• Networking events, which provide opportunities for accountants working in SMEs to interact and share knowledge and experiences with peers. This is particularly important for those working in teams with few or no other accountants. Findings of research by the Edinburgh Group, a coalition of 16 accountancy bodies, also highlights the importance of networking between SMEs and SMPs.

PAOs can help facilitate local, regional, and global networking, which can be a valuable source of support for accountants on both SME-specific technical and ethical matters. Examples include the ACCA Global Forum for SMEs, ICAEW’s annual SME Conference, and at a regional level, Accountancy Europe hosts a number of SME events. 

3. SME-specific continuing professional development (CPD) and training

Tailored training and development activities that address SME-specific issues, as well as related skills and competencies, are useful in providing more practical support that is applicable to accountants in their everyday work. Examples include:

  • CPD provided online via ACCA, through webinars and technical articles. These include the webinar “Setting up your own business” and the SME technical article, “Accountants' role in advising SMEs on going digital”, which requires completion of a multiple-choice quiz to be awarded CPD units.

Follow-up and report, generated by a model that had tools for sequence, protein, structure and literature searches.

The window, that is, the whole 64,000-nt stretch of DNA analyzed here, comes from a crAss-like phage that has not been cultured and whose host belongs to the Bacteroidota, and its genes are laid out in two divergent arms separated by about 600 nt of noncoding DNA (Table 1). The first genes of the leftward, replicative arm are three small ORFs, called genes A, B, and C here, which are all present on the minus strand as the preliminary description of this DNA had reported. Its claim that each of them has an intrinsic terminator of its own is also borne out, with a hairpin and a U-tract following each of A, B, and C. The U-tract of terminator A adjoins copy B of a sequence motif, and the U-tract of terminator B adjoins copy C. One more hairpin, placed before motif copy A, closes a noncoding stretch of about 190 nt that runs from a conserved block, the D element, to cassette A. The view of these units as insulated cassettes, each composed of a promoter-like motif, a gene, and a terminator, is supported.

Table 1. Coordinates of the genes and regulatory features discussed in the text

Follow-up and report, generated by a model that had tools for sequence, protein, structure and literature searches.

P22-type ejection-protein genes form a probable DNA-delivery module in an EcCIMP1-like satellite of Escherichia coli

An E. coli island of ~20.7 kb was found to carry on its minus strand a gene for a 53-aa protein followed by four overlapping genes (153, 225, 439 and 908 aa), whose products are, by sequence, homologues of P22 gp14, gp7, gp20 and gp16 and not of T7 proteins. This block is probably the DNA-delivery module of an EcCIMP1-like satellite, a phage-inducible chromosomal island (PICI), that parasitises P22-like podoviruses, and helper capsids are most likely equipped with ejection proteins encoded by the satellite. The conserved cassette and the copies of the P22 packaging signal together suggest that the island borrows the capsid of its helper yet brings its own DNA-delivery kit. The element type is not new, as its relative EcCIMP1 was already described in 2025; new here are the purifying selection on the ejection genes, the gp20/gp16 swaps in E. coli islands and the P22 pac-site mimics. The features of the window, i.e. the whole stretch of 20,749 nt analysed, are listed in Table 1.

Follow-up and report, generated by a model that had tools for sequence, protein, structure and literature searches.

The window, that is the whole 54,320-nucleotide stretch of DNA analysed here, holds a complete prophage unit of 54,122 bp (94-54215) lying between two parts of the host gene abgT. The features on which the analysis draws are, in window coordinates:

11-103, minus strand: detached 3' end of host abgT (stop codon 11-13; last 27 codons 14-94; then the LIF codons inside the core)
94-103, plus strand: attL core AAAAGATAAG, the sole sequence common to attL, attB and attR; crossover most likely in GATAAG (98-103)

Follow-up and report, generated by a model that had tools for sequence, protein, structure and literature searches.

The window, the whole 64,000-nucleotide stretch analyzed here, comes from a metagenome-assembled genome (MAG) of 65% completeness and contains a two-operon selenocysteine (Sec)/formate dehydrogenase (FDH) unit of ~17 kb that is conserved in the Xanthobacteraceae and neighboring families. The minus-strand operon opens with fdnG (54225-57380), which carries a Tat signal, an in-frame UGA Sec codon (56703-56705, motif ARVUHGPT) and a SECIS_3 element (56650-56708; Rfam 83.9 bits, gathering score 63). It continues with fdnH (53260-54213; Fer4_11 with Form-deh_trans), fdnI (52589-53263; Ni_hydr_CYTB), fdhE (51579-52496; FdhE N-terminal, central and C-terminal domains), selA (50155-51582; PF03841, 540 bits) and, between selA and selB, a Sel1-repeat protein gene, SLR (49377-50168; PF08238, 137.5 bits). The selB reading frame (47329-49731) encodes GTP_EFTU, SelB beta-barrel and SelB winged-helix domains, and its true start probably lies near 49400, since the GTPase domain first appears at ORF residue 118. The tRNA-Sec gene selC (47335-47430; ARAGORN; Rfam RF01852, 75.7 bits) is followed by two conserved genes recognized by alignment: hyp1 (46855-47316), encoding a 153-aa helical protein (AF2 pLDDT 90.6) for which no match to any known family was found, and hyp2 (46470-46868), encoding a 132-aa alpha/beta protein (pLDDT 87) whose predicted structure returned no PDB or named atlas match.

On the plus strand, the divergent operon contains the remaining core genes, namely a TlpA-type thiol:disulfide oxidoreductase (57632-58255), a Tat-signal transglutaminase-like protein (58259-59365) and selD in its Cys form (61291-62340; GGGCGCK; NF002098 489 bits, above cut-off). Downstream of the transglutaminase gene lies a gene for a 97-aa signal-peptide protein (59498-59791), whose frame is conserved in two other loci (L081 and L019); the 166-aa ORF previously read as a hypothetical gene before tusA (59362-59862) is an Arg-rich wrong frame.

• SME funding masterclass run by the Northern Powerhouse Investment Fund and ICAEW.
  • CPA Canada’s on demand webinar “What keeps you up at night? Tips for business success”, which provides practical advice for business owners.
  • To support accountants working in family owned business, the Institute of Chartered Accountants of Pakistan (ICAP) is providing education and CPD activities on managing interpersonal relationships (including dealing with multiple generations), communication skills, understanding emotional intelligence, understanding business and business strategy, and technology-driven approaches.
  • CIMA CPD course “Financial management in SMEs”, which provides training on how to create a framework for managing strategic objectives in privately owned businesses to control the business, manage risk, fund the business and maximize value on exit.